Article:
Finally, by "ends of a 20 sided die", I mean when you get to a point where either your modifier is so low, that you only succeed on one result (say, 20), and any lower modifier makes no difference, or your modifier is so high that you succeed on all but one result (say, 1), and any higher modifier makes no difference. This is not a good thing for game balance. Part of AC's problem is how easily we go off the d20 on attack rolls; on the low end for player AC, and the high end for mob AC. Having two rolls, for DC and SR, helps avoid going off the d20 entirely, since there are two separate rolls. Going off the ends of both is less likely than going off the ends of just one.

It certainly did not, and your tone only undermines your argument. I understand your suggestion, and think it is poorly formed, and lacking of compelling justification.

Certainly that must be the case if you think my suggestion would lead to a caster buff. Further, the difficulty in optimizing a value does not have anything to do with how many there are. It has to do with how easy it is to get the necessary buff. Be it for one value or two values.

It is theoretically possible for optimizing a single value to be more difficult than optimizing two, but unlikely, if the available options and targets are similar for both schemes. Having to decide between two different numbers to increase, and deciding which one to prioritize if you can't have both, is inherently more difficult than having just one number to increase.

For example, currently, in many cases, a caster has more than enough DC or SR to succeed 95% of the time, but not enough of the other to succeed that frequently. If both feed into the same number, that amount exceeding 95% that previously went to waste is likely to now contribute meaningfully, covering up for deficiency in the other.

But ultimately, without knowing the specifics of your proposal, I cannot say, definitively, if your proposal would be a buff to casters. I can only say what I said in my initial post: it is likely to be one. It would be a difficult task to not end up giving casters a buff.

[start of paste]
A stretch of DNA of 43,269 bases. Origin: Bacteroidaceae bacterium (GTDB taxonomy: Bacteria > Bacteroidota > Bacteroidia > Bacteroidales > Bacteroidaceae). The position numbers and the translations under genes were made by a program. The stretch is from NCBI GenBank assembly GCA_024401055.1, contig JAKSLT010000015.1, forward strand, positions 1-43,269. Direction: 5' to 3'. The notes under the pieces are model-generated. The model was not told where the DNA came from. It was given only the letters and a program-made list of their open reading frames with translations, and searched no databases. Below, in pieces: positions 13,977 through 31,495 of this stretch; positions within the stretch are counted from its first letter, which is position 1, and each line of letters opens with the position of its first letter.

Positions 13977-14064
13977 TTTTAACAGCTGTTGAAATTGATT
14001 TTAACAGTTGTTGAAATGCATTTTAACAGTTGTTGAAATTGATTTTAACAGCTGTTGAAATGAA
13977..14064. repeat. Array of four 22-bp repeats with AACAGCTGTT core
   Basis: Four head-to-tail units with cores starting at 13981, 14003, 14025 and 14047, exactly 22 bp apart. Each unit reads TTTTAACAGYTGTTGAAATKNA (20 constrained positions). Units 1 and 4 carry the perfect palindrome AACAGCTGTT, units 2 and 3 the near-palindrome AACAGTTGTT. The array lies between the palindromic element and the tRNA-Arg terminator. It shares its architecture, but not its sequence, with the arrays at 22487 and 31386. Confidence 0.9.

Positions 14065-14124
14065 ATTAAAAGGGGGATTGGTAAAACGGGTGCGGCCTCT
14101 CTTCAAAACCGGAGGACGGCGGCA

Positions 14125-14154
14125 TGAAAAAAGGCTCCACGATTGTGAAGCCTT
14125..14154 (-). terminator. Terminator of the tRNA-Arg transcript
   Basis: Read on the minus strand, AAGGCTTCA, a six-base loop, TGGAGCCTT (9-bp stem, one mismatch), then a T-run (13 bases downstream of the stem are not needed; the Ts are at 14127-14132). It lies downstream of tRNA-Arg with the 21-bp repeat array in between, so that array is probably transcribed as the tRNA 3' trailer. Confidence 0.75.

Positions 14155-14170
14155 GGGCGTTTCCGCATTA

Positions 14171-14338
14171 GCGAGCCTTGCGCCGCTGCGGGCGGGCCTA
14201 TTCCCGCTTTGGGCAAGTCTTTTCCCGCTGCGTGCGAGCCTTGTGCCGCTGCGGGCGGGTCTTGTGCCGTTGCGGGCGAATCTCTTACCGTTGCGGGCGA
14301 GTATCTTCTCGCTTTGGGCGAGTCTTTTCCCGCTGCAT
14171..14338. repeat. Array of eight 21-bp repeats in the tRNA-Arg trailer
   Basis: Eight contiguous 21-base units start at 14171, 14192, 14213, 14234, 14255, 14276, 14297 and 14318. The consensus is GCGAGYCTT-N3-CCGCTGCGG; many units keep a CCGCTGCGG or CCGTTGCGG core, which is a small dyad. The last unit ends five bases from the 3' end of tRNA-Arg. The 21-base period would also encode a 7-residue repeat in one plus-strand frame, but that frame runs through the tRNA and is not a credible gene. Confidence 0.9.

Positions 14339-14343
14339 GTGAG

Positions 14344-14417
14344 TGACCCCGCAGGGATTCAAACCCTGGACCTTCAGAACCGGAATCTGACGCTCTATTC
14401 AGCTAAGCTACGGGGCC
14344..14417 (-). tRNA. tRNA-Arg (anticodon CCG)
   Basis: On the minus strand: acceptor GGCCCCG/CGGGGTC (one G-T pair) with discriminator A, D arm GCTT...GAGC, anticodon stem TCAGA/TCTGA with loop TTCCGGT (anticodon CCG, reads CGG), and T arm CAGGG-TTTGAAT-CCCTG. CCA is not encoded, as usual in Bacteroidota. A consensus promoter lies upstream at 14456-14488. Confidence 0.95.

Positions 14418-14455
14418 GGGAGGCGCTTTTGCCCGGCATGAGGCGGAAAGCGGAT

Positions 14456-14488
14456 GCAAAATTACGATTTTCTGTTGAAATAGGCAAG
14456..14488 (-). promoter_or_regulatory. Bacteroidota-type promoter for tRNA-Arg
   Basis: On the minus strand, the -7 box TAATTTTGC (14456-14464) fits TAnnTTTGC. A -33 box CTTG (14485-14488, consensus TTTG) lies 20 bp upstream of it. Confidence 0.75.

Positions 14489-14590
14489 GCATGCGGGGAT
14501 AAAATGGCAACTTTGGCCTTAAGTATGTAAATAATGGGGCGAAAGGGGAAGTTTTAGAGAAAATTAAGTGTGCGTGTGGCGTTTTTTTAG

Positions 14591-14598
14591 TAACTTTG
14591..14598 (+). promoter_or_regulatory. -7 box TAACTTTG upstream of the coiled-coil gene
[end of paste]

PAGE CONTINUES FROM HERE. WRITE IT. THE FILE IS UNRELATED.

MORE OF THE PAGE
tinyelvis
12-26-2011, 11:07 PM
I don't believe removing the SR check would be either easy or beneficial. I do, however, believe that raising mobs saves to accommodate would be a nerf to many melee builds that focus on stunning.

I don't agree with your statement that "Melee seem to get along just fine with one roll. It is much easier to balance for them". You agreed that AC is broken, right?

I always thought the "lag" from disco balls was due to client difficulties with the display, not due to the server calculating SR checks. We'd have to ask a dev, methinks.

A nerf to melee, that did not occur to me. Well, that ends that idea, unless they nerfed caster gear to account for a single roll. Fat chance of that happening.

I used to think so too, but I do not believe the lag is a video issue. Recently, I played DDO on a machine with a good processor but **** video card. Although I had plenty of issues with video lag especially in areas like giant hold and some vale, I never noticed any issues with dancing ball. Perhaps its the music that lags the situation for some.

ferrite
12-26-2011, 11:56 PM
Lol, funny post.

ITS IN THE 3.5 RULESET (http://www.d20srd.org/srd/specialAbilities.htm#spellResistance).

And DDO is based on 3.5. There you have it.

It isn't your fault you didn't do enough research before posting the idea. Well, maybe it is.

The system has already been playtested by millions of players. And it does translate well to online play, and is necessary for balance purposes.

tinyelvis
12-26-2011, 11:57 PM
First, it isn't any more "arbitrary" than DC.
Ok, so what? Are you saying two arbitrary is better than one?

Two separate rolls produce a different result curve than one roll, which affects how the game plays. It isn't "arbitrary".

Answer some questions. What exactly is spell resistance? What does it mean to penetrate it. What is a save? What does it mean when you beat a spell save? If you toss a charm person on a mob without spell resistance and he makes his save, did he not just resist your spell? Please tell my you understand that he did resist your spell.

Mathematically,

Case 1:
(50% to penetrate spell resistance) * (80% chance to make him miss his save) = 40% chance

Case 2:
(40% chance to make him miss his save) = 40%

Both cases result in subject not resisting your spell. So, why the extra arbitrary roll?